In a stock market world where most of the focus seems to be on the trade war and more specifically, the impact of China issues on the sales and future prospects of popular U.S. companies, it's a relief to own a name like Home Depot (HD) . That is, a business that is primarily located in the U.S. with slight exposure to Mexico and Canada.
Home Depot recently reported its first quarter earnings and while the results didn't spark short-term buying interest in the stock, I continue to believe that this company is well-positioned for long-term growth and can offer investors a relatively safe harbor from the trade war storm.
North American Focused
Home Depot reported Q1 earnings on Tuesday, beating on both the top and bottom lines. The company added two net new stores during Q1, bringing its total store count up to 2,289. About 1,980 of these stores are located in the United States, while Canada has about 180 locations and Mexico has 120. The company boasted 238 million square feet of retail selling space. Total sales per square foot came in at $435 during the first quarter, up 5.6% y/y.
These North American stores source products globally, though in the recent Q1 conference call, Home Depot's Executive Vice President of Merchandising Ted Decker noted that while the impact of tariffs would vary across different categories, overall, he believes they will be "manageable".
Thus far, tariffs have cost Home Depot roughly $1 billion. If the newly imposed tariff increases hold, that will result in an incremental $1 billion impact moving forward. Obviously the company and its shareholders would rather not see costs increase by approximately $2 billion because of tariffs, but it's worth noting that this amounts to less than 2% of the company's annual sales.
"We think the selling in Home Depot has gotten excessive," wrote the team for Jim Cramer's Action Aerts Plus portfolio, which owns Home Depot. "On Wednesday, the stock sold off in reaction to Lowe's quarter/guidance, even though the issues at Lowe's are company specific."
Higher Margins Than Its Peers
Home Depot's gross margin was 34.2% during the quarter. This figure is 36 basis points below last year's Q1 result. Management attributes supply chain and fulfillment expenses to just one-sixth of this 36 basis point drop. This speaks to the idea that Home Depot is fairly isolated from the Chinese trade war.
It also helps to solidify the idea that Home Depot is the best in breed retailer in the home improvement space. Rival Lowe's (LOW) reported earnings the day after Home Depot posted stock losses of nearly 12% in response to its release, in large part due to its 31.46% gross margin result, which was down 165 basis points y/y. Home Depot has traded with a higher premium than Lowe's for awhile now and its 34.2% gross margin result in the face of retail headwinds proves that it's worth it. This management team knows how to execute in a variety of market environments and this should give investors peace of mind.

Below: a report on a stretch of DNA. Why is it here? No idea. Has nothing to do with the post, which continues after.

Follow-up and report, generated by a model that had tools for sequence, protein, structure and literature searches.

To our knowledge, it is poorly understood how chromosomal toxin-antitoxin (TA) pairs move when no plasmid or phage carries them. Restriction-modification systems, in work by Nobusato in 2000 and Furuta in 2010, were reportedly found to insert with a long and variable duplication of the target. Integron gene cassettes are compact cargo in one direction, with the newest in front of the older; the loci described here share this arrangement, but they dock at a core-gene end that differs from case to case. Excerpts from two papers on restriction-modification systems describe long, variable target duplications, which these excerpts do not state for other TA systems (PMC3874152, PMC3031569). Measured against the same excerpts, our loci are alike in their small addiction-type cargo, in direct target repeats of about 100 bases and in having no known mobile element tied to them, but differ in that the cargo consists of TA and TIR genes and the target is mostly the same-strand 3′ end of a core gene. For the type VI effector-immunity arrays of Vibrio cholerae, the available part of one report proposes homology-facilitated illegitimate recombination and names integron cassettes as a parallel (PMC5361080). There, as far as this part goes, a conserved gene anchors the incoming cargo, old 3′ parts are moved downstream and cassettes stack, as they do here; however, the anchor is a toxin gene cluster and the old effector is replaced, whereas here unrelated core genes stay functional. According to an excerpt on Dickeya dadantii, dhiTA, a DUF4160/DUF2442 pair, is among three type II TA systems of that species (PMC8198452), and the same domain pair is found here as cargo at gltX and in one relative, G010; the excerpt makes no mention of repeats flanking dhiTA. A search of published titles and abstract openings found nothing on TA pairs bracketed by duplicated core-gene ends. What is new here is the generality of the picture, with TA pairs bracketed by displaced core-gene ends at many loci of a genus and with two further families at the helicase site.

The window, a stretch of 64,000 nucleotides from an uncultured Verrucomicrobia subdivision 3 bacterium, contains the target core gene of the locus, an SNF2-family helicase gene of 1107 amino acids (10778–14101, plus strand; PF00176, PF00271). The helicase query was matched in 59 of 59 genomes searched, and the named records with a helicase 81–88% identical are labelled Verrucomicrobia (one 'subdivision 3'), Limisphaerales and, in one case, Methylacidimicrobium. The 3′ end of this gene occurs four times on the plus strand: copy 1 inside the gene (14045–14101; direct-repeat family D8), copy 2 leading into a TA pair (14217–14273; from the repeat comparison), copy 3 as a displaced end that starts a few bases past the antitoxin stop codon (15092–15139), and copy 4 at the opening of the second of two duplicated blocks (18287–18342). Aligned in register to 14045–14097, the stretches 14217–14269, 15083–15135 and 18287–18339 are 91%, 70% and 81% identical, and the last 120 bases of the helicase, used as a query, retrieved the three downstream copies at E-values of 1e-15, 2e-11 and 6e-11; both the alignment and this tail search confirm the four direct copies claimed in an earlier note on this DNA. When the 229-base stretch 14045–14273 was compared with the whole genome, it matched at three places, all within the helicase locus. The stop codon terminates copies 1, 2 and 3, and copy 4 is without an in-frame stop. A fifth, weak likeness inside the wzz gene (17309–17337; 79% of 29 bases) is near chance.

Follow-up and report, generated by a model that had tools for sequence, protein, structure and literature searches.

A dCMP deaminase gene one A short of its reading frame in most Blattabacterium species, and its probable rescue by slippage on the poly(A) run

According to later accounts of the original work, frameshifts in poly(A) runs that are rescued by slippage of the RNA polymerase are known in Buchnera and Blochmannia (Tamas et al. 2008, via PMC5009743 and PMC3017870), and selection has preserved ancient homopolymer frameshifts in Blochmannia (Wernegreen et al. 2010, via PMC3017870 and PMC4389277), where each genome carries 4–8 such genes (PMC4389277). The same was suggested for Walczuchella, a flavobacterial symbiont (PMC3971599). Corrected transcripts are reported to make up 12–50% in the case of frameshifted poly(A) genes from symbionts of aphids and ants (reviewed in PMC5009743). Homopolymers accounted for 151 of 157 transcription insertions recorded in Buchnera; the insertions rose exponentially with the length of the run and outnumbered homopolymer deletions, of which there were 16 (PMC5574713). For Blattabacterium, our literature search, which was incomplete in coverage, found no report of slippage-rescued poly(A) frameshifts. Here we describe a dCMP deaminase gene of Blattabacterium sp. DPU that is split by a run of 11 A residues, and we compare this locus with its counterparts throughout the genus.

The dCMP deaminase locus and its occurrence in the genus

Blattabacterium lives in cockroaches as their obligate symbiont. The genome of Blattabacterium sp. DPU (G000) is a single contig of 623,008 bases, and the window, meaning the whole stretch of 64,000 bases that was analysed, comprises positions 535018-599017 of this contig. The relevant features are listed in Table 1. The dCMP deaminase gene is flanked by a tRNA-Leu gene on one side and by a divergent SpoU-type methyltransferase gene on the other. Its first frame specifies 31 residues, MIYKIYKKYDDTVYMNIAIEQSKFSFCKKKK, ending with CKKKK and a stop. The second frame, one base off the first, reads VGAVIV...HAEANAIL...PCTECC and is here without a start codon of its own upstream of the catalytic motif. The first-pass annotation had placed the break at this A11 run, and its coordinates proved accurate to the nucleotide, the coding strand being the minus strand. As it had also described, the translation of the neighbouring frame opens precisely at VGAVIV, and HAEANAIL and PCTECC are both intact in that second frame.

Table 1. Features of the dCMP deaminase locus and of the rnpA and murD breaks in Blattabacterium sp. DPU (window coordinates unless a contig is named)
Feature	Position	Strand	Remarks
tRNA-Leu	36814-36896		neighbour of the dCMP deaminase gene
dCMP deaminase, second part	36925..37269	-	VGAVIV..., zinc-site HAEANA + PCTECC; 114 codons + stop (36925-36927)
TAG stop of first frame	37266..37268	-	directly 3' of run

A Blue Chip Company Trading For a Fair Price
While it's true that Home Depot has traded much better than Lowe's since reporting Q1 earnings, its stock has still experienced a bit of weakness lately. Shares are trading for $191/share, which is down some 8% since the recent highs that it hit in April. This weakness has brought the stock's trailing twelve-month price to earnings ratio down to roughly 19x, which is below its long-term average of 21.3x.
During the Q1 report, Home Depot management issued full year earnings per share guidance of $10.03. Using this forward looking estimate, we see that Home Depot is slightly cheaper, trading for just 18.8x guidance.
While this valuation isn't necessarily cheap, I believe that it is a fair price to pay for Home Depot shares. When you look at the likelihood that earnings will continue to rise, eventually Home Depot's multiple will revert upwards, back towards the historical norm and the company will continue to reward investors with a strong dividend yield, the prospects of attractive long-term returns with Home Depot are bright.
Ultimately, this is a company that requires a strong consumer to succeed. Home Depot has been able to stand up against the likes on Amazon (AMZN) in the retail space because it offers a myriad of big ticket items and has sales people available to guide consumers through the labor intensive projects that they're about to embark upon when they walk through Home Depot's doors.
Online traffic at Home Depot's website grew 23% during the first quarter, so it appears that its e-commerce business is healthy and will continue to compete. And even though there are a ton of negative headlines swirling around the markets right now regarding trade talks, the fact of the matter is, the U.S. economy remains strong, unemployment is at record lows, wages continue to increase and consumer confidence is high.
Barring some sort of black swan event, none of this should change in the short-term and that bodes well for Home Depot moving into the second half of 2019.
Nicholas Ward is long AMZN, HD, and LOW.